Saturday, May 4, 2013

The Five Reasons for Hamlet's Delay

Hey, this is just a note to all you students writing papers on Hamlet. Guess what? This is just a blog post. It's not a refereed scholarly article. So don't quote from it. Don't plagiarize from it, either, because your teachers are watching you. Their eyes are everywhere. 😆😆😆😆😆  Still want to read it? Ok, go ahead.


My answer to last week's Shakespeare puzzle, “Why does Hamlet delay?,” got so long I had to turn it into a blog-post. This proves that if you read Hamlet enough times you get as wordy as its protagonist. In the end I boiled it all down to these FIVE REASONS HAMLET MUST TAKE HIS SWEET TIME TO AVENGE HIS FATHER’S MURDER:

1.      Mr. Thoughtful. First, let’s consider Hamlet’s claim that he’ll avenge his dad “with wings as swift as meditation.” Shouldn’t this be “with wings as swift as an F-1 bomber’s,”or, in keeping with the half-medieval moment, “with wings as swift as some really fast eagles’”? (That one would maintain the meter, and the poetry is clearly as good as Shakespeare’s.) But he says “meditation,” something not all that swift, and that signals to us, if Hamlet’s tortured soliloquy in scene 2 hasn’t already, that this is a guy prone to ponder things from various angles before acting, which can take time. This is a guy who was kicked out of the University of Wittenberg for failure to complete his honors thesis, “Applications of the Pythagorean Theorem to Polish Sled Construction,” within the ten-year allotted time-span. This is a guy who's 30 and still lives with his mom. This is a guy -- well, I could go on, and were I Hamlet, I would, but I'll get to the bottom line, which is, there are ample grounds to blame Hamlet’s analytical tendency for his delay. Hamlet himself will do so when he says “the native hue of resolution is sicklied o’er with the pale cast of thought,” in a speech that proves his point. But, on the other hand, Hamlet’s as hard on himself as he is on everyone else, and numerous other circumstances in the play justify his waiting til act 5. (I mean, besides that the play would be a rip-off if he just went and stabbed Claudius immediately.) These other reasons are:

2.       "Questionable" Ghost.  As one of my readers pointed out, this Ghost needs some looking into (if we can look into a ghost). Hamlet’s friends don’t trust the Ghost at all, and warn him that if he follows it, it might tempt him into madness and suicide, which very nearly does happen. I always tell my students to quote the plays to back up their claims, so here you have it: “What if it tempt you toward the flood, my lord? / Or to the dreadful summit of the cliff / . . . And there assume some other horrible form / Which might deprive your sovereignty of reason?” (1.4.77-81). Hamlet seems to think it's a compliment when he calls the Ghost "questionable," but I don't. I think the Ghost is questionable. Even though the Ghost compares himself to an angel (and Claudius to garbage), and even though Horatio hopefully says “Heaven will direct it” as Hamlet chases off after Ghosty (does Horatio mean Heaven will direct the Ghost or will direct “the state of Denmark” to which Marcellus has just referred?), still, despite all this, the fact is that the Ghost isn’t some kind of heavenly messenger. Nor is he from Purgatory, despite his claim that he’s stuck in a place where you stay till all your sins get burned off. Why is this not Purgatory? Because they don’t let you out of Purgatory at night to commission killings. Ask Dante. Also, because Protestant Elizabethan audiences had been taught to consider Purgatory a myth. And playgoers were also used to seeing the hollow under-stage realm into which the Ghost disappears, and from which he then speaks, used to represent a Hell from which painted devils emerged. So Hamlet’s not too far off the mark when he says, at the end of act 2, “The spirit I have seen may be a devil.” It’s reasonable for him to do further detective work on Claudius, and that's what he does with “The Mousetrap.”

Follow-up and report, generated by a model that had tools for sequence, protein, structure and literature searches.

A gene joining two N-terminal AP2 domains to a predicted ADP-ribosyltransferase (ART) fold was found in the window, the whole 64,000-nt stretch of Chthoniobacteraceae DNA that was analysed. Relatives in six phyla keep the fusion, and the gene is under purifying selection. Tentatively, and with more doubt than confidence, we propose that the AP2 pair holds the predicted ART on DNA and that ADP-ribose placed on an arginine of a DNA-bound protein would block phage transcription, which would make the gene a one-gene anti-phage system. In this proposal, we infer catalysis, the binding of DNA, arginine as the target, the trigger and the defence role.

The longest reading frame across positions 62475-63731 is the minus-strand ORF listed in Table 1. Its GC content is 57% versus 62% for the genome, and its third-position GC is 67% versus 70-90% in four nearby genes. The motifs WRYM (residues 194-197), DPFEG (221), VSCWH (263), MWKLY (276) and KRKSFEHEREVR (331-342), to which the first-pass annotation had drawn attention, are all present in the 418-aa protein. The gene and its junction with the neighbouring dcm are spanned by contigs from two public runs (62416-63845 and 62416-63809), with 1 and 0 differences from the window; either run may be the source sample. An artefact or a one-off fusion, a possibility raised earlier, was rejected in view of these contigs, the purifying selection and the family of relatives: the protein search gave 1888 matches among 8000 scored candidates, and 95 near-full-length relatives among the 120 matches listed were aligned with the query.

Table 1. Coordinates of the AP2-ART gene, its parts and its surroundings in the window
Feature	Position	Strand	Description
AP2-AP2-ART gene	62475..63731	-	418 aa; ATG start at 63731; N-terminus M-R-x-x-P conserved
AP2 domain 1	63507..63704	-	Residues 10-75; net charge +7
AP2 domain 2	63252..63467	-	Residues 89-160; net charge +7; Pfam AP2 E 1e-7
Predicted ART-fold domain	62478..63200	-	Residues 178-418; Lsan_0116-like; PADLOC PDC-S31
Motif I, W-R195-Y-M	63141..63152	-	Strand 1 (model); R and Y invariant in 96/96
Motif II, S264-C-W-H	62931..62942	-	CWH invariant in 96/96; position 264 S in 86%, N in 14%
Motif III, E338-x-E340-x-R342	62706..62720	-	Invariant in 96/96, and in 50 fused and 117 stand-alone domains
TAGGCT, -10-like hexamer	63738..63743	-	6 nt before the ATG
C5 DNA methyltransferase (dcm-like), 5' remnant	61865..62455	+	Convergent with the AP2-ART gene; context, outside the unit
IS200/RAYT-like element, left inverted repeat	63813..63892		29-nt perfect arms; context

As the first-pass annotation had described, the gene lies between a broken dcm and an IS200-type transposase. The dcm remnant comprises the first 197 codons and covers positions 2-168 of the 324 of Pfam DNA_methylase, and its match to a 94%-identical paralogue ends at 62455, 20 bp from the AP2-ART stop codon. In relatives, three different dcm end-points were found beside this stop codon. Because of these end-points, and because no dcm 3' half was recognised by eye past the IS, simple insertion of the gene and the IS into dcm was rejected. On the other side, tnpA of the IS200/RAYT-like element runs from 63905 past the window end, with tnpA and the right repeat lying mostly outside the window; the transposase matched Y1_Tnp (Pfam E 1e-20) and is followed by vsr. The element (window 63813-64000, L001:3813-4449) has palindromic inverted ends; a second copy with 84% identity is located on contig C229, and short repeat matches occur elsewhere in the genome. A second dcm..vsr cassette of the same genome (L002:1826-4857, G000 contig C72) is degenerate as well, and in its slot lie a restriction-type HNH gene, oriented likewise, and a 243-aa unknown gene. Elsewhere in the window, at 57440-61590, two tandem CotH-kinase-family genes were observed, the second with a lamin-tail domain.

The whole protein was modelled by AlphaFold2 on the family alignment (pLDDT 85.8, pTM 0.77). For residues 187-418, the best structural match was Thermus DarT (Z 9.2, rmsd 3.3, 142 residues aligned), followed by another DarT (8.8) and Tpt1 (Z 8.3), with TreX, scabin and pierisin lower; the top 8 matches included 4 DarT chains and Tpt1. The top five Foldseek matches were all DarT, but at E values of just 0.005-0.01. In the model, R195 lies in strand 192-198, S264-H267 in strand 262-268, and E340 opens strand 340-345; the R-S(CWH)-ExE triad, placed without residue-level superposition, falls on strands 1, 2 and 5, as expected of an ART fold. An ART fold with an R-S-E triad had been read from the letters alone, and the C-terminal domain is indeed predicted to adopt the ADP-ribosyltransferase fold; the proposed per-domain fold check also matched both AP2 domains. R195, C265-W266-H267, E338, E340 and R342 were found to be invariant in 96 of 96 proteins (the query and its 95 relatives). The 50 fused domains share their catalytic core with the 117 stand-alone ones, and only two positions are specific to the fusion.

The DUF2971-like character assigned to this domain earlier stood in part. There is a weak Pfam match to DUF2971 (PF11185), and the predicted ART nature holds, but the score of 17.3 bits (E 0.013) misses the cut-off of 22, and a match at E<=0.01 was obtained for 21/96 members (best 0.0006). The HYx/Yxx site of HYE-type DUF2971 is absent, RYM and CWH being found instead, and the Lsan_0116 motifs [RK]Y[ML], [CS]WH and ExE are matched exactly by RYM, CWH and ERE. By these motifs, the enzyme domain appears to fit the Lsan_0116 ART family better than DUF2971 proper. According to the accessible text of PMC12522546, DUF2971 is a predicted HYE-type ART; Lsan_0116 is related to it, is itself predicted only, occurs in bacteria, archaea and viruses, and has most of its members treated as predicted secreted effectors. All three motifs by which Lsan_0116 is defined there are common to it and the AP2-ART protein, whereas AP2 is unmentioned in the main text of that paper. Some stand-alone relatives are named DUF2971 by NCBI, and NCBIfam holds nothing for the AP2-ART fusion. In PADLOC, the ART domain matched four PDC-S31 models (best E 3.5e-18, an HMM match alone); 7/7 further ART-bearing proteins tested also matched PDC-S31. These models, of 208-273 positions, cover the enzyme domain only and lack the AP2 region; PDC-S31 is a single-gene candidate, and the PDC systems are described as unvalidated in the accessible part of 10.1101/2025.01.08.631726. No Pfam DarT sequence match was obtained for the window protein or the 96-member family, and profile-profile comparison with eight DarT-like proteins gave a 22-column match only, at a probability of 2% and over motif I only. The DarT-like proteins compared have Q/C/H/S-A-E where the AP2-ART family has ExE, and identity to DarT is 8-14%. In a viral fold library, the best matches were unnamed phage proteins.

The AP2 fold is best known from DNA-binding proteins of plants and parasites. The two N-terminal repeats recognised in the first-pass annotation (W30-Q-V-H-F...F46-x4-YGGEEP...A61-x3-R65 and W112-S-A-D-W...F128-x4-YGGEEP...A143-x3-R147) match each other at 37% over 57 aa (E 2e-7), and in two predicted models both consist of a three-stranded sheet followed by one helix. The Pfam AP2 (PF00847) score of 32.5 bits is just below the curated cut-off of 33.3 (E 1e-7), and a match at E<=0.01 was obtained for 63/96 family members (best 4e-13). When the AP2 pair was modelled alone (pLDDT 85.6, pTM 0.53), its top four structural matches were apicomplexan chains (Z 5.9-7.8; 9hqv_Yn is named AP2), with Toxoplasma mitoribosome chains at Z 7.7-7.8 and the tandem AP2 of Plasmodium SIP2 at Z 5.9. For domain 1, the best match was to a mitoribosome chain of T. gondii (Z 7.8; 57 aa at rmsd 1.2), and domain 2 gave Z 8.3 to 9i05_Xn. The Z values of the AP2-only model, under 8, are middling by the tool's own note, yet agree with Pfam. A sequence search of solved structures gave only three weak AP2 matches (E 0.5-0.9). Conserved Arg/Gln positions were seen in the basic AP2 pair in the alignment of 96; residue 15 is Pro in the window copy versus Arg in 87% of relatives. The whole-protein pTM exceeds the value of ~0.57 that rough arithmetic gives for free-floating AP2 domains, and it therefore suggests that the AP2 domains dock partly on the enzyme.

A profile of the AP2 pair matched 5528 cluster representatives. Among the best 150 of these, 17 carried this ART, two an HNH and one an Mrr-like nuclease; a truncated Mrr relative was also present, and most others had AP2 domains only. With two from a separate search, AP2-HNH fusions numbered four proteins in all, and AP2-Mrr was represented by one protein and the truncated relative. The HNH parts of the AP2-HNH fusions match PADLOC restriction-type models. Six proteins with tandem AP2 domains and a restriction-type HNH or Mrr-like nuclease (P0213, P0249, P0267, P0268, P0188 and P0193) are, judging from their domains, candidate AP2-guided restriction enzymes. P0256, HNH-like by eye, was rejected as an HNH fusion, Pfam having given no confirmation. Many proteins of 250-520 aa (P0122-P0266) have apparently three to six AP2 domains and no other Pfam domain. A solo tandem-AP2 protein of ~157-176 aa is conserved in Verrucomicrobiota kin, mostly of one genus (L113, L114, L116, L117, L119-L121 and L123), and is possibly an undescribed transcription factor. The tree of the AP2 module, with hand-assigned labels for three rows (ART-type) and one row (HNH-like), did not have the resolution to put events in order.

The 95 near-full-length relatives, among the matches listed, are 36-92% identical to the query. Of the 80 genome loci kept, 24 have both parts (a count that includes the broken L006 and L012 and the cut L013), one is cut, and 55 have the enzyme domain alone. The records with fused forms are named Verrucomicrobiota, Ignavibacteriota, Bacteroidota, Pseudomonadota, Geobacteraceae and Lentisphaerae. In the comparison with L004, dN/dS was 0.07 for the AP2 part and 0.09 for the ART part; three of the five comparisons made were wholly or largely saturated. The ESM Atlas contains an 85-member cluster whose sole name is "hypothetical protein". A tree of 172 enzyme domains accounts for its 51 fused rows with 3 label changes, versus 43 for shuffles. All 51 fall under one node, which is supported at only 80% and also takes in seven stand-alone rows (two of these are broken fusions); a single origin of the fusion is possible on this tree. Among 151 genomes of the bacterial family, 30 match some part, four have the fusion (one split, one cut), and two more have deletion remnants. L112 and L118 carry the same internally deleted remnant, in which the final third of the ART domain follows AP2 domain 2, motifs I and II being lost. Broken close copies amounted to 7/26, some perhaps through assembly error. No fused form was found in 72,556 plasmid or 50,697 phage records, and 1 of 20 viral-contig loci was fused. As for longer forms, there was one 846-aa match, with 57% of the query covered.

3.      Hamlet’s Honor, or, In Search of a Duel. Who wants to be a sneaky revenger sticking a dagger in someone’s back, or poisoning him while he’s asleep, or with a cup or an envenomed foil? Claudius, that’s who. Or Laertes, his shill. Hamlet’s like Claudius in some ways (hmm, how long has this relationship between Gertrude and Claudius been going on? Whose son is Hamlet? Subject of another blog). Both Hamlet and "Uncle" Claudius are cautious and strategic. But Hamlet’s also got the obligation to live up to the legacy of his father -- I mean, his "father" -- whose way was to engage in open, declared combat (like against Old Fortinbras). A sneaky revenger hides his intentions, but an honorable revenger (who also just adores the theater) might stage a little play to warn Claudius, “Guess what! I’m onto you!” It makes the game a little riskier, but it does force an eventual open confrontation between these two “mighty opposites,” Hamlet and his uncle. In fact, much of the language that frames the act five combat between Hamlet and Laertes, Claudius' dupe and proxy, describes a thwarted quest for the kind of judicial combat popular in Germanic (more than in English) realms in the late medieval period, whereby a charge of a capital crime, if unprovable by ordinary legal means, might be "proved' against the accused through an open duel. Act five is one of the parts of the play caught between medieval and Renaissance worlds, like a sketch superimposed on another sketch. Hamlet is challenged to "play" against Laertes in what seems a modern fencing match, even though Laertes, whose dad Hamlet has recently whacked, has ample reason to issue a formal (medieval) challenge (though he might be prevented by Hamlet's royal rank from doing so even if Claudius hadn't talked him into a sneaky poisoning trick). Yet even though the match is explicitly proposed only to settle a bet, the servant who issues the challenge then calls the event "the opposition of [Hamlet's] person in trial," using medieval judicial terms, and Hamlet seems to accept the challenge as such, questioning what weapons will be used, checking them before the combat, and asking Laertes for a formal pardon before they begin. His proffered insanity defense at this moment is, I confess, a little iffy in terms of honor, but it's possible he really does think he was a little bit nuts in act 3, scene 4. We do. He was. In any case, Laertes rejects Hamlet's apology and plea, and the fight takes place, and turns eventually into an explicit conviction and punishment of Claudius' "Treason! treason!," a charge shouted by "All." It's a judicial combat manque, but it's a lot more like a duel of honor than are the usual killings in revenge plays, as I'll show below.